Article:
Monday, September 24, 2012
Josh Hamilton with another 'weird' injury
By Richard Durrett
ARLINGTON, Texas – We found out Monday that the reason for Josh Hamilton's absence the last 5 ½ games was ocular keratitis, a condition that dries the corneas because of a high consumption of caffeine.
Rangers CEO Nolan Ryan does his best to describe Josh Hamilton's vision problems, dances around the question of who his Game 1 starter will be and more.
Perhaps Hamilton summed it up best: “It’s me we’re talking about here. Guys, it’s me. It’s Josh. It’s going to be something weird.”
Add this one to the list of odd injuries. And Hamilton has his fair share. Hamilton’s eyes have certainly made news the past few years.
Last June, he said his blue eyes contributed to his issues of hitting in the daytime and began taking drops after going through a bunch of sunglasses in an effort to find a way to see the ball better when it was lighter outside. He injured his shoulder early in the 2011 season, which in and of itself isn’t strange, but how it happened was certainly odd. He was tagging up on a foul ball popup down the third base line in Detroit and ran into the catcher on a headfirst slide to cause the injury. Hamilton did not play in the Houston series a few months back with an intestinal virus that he picked up from his kids.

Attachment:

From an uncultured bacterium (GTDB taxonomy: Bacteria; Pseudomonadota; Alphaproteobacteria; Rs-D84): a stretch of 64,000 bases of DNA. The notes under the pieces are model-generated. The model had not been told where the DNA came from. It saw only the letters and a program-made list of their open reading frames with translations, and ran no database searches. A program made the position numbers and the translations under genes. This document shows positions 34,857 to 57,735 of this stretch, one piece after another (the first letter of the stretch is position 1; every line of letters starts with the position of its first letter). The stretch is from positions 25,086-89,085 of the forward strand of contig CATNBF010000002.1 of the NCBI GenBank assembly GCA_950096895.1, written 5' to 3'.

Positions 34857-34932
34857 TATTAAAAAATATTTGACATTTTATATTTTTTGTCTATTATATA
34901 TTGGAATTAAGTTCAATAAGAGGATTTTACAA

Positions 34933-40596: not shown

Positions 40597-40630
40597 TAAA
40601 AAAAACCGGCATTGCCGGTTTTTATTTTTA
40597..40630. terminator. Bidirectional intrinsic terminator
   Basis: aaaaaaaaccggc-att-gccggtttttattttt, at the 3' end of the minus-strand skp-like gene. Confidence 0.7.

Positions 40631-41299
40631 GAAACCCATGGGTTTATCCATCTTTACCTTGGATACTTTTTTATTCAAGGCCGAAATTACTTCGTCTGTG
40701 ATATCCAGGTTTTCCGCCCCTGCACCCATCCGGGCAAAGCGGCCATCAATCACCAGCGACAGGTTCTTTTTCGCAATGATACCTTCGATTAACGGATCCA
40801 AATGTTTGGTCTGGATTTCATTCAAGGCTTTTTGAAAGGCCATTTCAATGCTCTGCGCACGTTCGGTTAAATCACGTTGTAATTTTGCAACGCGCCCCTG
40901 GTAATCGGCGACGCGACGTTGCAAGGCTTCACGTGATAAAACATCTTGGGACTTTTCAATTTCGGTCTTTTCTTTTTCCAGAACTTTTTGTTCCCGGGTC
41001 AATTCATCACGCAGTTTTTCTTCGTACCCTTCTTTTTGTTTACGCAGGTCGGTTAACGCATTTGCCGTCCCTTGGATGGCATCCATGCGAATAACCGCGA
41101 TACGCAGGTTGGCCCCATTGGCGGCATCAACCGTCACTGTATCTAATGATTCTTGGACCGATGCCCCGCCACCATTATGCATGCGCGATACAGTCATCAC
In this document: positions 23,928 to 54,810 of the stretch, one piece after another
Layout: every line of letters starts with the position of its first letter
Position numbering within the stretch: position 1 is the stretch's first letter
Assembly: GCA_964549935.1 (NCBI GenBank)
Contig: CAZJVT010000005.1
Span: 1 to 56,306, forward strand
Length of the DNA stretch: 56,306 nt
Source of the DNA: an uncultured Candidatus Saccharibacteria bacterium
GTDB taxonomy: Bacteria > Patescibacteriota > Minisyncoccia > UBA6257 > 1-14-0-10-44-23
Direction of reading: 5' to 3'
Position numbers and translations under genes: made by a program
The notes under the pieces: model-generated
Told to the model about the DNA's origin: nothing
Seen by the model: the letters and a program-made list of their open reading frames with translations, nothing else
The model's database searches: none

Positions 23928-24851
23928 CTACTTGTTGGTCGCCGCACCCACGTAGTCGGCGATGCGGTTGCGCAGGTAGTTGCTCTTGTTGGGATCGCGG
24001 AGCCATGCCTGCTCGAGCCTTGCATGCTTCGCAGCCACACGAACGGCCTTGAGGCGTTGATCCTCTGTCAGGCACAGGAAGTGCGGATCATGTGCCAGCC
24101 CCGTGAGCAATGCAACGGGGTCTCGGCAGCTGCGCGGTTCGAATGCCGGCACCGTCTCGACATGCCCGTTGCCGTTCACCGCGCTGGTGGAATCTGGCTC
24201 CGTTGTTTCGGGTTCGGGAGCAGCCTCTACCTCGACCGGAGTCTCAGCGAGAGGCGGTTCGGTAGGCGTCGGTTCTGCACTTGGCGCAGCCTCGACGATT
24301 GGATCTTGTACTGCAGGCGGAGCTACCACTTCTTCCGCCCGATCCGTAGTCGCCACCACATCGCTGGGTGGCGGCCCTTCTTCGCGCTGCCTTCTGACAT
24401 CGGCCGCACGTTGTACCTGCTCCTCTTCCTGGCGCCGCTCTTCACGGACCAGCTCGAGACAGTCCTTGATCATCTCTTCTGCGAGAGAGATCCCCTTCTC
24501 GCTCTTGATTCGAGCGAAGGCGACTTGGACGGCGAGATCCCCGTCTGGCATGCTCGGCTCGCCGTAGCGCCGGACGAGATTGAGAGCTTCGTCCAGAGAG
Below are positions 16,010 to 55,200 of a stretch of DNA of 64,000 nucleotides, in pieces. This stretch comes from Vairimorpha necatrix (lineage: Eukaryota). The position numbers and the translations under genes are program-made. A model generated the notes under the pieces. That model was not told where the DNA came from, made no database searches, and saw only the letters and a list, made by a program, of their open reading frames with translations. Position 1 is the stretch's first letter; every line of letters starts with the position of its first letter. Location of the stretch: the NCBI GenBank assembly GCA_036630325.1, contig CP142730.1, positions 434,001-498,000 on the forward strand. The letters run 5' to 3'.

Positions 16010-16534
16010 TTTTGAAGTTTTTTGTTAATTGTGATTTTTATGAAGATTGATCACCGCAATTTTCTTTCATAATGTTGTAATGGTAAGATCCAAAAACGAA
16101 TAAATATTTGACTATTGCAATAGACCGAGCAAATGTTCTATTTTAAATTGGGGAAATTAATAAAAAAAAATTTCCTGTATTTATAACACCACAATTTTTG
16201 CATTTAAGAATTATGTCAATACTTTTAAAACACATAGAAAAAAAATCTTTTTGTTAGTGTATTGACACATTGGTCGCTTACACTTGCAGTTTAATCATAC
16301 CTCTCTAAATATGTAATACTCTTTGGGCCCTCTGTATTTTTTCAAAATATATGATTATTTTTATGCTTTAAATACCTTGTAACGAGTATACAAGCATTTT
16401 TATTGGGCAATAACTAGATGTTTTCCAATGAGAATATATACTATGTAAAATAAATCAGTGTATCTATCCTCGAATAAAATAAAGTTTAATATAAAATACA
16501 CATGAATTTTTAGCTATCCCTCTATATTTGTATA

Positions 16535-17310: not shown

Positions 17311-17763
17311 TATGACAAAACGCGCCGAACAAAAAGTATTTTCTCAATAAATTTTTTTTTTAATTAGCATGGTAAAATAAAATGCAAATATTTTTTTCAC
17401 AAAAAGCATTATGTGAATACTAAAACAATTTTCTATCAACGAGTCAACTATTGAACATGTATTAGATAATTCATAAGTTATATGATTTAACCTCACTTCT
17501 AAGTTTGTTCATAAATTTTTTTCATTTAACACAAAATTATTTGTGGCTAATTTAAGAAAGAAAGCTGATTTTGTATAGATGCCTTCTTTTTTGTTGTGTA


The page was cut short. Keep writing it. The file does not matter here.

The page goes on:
Hamilton said he couldn’t stop staring at things and it was as if his eyes just stayed open and he couldn’t close them. He wasn’t able to alter his focus. He said he’d move his head, but his eyes wouldn’t follow.
So there you go. Even Hamilton acknowledged it was strange.
The injury reinforces the idea that you never know when – or how – Hamilton will get injured or be out of the lineup. That makes it difficult for teams to figure out the proper market for Hamilton in the offseason. He’s worth more than $20 million a season with how much he impacts the lineup and the game. But how many years are you willing to guarantee him?
The fact that Hamilton missed a key road trip because of how caffeine was impacting his vision won’t matter much if he turns it on for the final 10 games and helps lead the offense in the postseason.